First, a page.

The 33-year-old Andrus is a natural fit for a White Sox club that will be without Tim Anderson for the next three to five weeks as he continues rehabbing a torn ligament in his left hand. Andrus isn’t a premier defender at this stage of his career but is a more natural fit at short than young Lenyn Sosa, who’s been handling the position in place of Anderson recently and has managed just a .118/.143/.235 slash in an admittedly small sample of 35 plate appearances. Andrus’ .237/.301/.378 line isn’t a major improvement but is only narrowly shy of the league-average hitter in 2022.
That’s a far cry from Andrus’ .297/.337/.471 peak in 2017, when he also smashed 20 homers and swiped 25 bags to go along with quality defensive contributions at shortstop. Plugging a veteran shortstop with only slightly below-league-average offense into the lineup wasn’t something the Sox wouldn’t have been able to do just a few days ago, however, so they’re surely quite pleased to be able to add Andrus to the fold.
Defensive Runs Saved pegs Andrus’ glovework at a dismal -6 runs this season, but Ultimate Zone Rating (2.4) and Outs Above Average (zero/average) are more bullish. Even if the defense is now slightly sub-par, Sosa is considered by scouting reports a second baseman who’s ill-equipped to handle shortstop, and the early returns (-2 DRS, -2 OAA in just 41 innings) do nothing to suggest otherwise. Andrus ought to be a steadier option at the position.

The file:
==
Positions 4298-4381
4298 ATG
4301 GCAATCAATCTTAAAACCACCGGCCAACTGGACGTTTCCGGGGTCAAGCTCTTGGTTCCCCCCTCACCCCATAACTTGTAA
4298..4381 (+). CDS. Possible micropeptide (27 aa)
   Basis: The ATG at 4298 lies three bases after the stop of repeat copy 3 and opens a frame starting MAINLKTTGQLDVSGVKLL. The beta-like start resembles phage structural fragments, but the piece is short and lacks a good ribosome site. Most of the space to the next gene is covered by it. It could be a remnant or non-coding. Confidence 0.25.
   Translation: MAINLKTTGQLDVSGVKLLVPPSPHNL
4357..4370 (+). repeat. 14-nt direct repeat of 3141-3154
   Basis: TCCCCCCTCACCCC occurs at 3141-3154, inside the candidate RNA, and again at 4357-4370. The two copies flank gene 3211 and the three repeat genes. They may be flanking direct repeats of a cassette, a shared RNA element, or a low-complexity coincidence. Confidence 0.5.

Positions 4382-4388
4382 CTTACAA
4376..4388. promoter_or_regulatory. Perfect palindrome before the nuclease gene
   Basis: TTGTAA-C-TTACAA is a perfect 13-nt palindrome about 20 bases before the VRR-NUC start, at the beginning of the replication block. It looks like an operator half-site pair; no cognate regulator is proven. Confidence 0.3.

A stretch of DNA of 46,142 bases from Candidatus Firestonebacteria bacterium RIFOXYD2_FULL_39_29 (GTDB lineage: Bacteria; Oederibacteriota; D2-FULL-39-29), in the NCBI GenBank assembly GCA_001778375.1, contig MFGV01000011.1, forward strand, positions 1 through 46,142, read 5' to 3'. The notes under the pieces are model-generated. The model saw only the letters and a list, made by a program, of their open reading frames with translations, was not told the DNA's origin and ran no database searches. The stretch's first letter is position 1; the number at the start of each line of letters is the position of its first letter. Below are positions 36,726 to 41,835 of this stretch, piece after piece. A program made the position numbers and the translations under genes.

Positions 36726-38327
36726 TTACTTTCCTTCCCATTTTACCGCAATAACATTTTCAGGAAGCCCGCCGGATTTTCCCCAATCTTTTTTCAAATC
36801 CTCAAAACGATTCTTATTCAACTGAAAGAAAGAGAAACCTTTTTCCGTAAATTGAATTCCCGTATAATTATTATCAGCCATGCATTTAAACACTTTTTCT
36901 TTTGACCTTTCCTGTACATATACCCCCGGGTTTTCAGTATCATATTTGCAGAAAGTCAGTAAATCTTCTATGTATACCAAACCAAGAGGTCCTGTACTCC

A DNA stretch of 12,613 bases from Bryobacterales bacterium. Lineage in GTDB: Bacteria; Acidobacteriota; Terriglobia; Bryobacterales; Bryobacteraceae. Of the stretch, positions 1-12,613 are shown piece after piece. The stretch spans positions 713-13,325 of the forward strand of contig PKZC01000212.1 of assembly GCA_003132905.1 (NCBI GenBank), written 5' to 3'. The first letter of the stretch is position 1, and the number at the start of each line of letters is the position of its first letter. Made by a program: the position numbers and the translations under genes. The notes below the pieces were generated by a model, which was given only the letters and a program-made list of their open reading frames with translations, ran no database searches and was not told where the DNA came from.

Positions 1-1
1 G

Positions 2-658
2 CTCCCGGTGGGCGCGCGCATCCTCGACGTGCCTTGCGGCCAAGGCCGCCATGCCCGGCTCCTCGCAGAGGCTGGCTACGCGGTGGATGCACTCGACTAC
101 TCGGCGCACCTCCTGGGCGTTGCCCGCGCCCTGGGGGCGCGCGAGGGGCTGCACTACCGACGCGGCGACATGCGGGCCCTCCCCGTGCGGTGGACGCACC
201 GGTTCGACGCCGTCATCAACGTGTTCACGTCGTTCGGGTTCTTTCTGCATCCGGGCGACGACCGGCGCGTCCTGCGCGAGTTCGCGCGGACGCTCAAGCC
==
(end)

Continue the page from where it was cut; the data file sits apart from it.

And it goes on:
Prior to his release, Andrus was playing out the final season of an eight-year, $120M contract originally signed with the Rangers. The White Sox will only owe him the prorated league minimum for the remainder of the season, with the A’s still on the hook for the remainder of Andrus’ $14M salary. That previous contract included a vesting $15M player option upon Andrus reaching 550 plate appearances — he’s currently at 386 — but that’s a moot point now that he’s been released from his prior contract and signed a new one with Chicago. He’ll be a free agent at the end of the season.
It’s been a frustrating season at Guaranteed Rate Field, where the Sox have endured lengthy absences from key players like Lance Lynn, Eloy Jimenez, Yasmani Grandal and now Anderson (to say nothing of shorter IL stints for Luis Robert, Lucas Giolito and others). Things haven’t gone as the front office envisioned when putting together this enviable young core, but the Sox have played better ball of late and, despite some early-season doldrums, are only two games behind the division-leading Guardians and one game back of the second-place Twins. The American League Central should be the tightest three-team race in MLB down the stretch, so even if Andrus proves a mere incremental upgrade, that marginal improvement could play a pivotal role.